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Saturday Night Live

By Wikipedia

Saturday Night Live (SNL) is a weekly late-night 90-minute comedy-variety show based in New York City which has been broadcast by NBC nearly every Saturday night since its debut on October 11, 1975. It is one of the longest-running network entertainment programs in American television history. Each week, the show's cast is joined by a guest host and a musical act.

Originally, the show was called NBC's Saturday Night because Howard Cosell was hosting a show on ABC titled Saturday Night Live With Howard Cosell. After Cosell's show was cancelled in 1976, NBC retitled its show. The first show with the new title was broadcast on March 26, 1977.

The show — broadcast from Studio 8H at the GE Building in New York's Rockefeller Center — has been the launching place for some major American comedy stars of the last thirty years. It was created by Lorne Michaels who, excluding a hiatus from Season 6 through Season 10, has produced and written for the show and remains its executive producer (Jean Doumanian producing most of Season 6, and Dick Ebersol 7–10).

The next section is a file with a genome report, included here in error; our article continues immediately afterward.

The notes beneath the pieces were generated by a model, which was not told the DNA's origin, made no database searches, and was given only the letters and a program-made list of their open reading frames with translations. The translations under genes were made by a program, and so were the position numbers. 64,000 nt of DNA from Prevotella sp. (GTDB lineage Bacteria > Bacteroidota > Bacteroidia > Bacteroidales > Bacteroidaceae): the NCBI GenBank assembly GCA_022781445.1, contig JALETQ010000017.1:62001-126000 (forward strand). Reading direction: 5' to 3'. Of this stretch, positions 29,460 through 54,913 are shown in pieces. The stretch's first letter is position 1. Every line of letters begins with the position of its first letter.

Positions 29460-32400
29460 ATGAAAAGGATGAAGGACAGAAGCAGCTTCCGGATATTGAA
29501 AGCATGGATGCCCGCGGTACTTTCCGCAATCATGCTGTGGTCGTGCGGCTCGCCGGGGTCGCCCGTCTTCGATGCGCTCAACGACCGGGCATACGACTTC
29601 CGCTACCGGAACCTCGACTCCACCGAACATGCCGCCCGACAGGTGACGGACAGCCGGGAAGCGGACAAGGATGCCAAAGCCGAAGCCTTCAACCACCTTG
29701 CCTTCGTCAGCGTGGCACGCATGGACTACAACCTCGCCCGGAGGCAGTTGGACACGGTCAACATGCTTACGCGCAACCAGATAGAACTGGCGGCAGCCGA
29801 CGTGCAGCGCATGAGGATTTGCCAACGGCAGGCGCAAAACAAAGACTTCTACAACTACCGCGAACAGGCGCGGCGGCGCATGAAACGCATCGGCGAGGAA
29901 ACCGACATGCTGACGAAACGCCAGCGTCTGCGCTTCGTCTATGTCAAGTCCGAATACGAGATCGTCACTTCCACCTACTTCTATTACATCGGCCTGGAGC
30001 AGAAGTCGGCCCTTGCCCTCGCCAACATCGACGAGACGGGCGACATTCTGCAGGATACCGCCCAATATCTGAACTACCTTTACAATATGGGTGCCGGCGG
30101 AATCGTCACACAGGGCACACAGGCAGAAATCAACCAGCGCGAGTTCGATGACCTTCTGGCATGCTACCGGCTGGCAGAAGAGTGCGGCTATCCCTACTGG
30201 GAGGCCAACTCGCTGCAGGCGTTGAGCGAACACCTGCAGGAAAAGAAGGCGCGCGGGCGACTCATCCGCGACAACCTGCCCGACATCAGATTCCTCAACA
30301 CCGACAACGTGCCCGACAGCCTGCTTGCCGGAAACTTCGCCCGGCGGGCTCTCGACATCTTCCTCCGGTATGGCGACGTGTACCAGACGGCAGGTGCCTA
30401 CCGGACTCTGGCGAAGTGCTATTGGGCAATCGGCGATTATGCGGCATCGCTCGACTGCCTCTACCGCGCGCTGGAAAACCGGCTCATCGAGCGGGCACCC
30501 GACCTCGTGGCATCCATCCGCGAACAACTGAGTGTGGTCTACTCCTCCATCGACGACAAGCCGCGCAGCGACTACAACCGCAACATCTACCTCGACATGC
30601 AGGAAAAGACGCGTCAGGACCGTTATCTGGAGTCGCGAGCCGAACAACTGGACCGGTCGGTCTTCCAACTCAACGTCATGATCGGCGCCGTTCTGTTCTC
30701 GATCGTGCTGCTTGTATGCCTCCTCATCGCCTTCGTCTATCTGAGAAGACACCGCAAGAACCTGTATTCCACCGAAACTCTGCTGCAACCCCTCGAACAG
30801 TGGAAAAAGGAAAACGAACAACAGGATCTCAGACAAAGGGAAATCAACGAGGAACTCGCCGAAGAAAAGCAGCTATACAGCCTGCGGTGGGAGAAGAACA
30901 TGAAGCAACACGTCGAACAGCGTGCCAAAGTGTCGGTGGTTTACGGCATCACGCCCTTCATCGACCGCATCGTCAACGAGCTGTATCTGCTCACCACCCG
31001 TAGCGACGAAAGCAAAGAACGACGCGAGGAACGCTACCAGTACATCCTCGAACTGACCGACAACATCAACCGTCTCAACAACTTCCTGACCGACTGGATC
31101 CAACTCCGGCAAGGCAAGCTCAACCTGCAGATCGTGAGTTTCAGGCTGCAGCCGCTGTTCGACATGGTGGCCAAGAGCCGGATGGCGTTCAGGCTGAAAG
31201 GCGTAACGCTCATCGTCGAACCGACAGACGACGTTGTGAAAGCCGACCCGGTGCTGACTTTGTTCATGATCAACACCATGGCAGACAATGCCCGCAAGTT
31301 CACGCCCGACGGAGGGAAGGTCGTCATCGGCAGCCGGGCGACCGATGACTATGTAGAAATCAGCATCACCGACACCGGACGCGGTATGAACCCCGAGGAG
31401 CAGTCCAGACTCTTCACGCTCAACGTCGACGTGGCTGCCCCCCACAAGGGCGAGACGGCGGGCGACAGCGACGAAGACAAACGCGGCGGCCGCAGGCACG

Format of the show

The show usually follows a standard format. It opens with a cold opening sketch often parodying politics, pop culture, or other current events; this sketch always ends with someone saying "Live from New York, it's Saturday Night!" The show then segues into the opening credits, which usually open with a shot of the Statue of Liberty and a montage of the cast members cut with various locations around the city. The opening credits are voiced-over by long-time NBC announcer Don Pardo. The show's theme music has been re-arranged many times, but always follows the same basic chord patterns.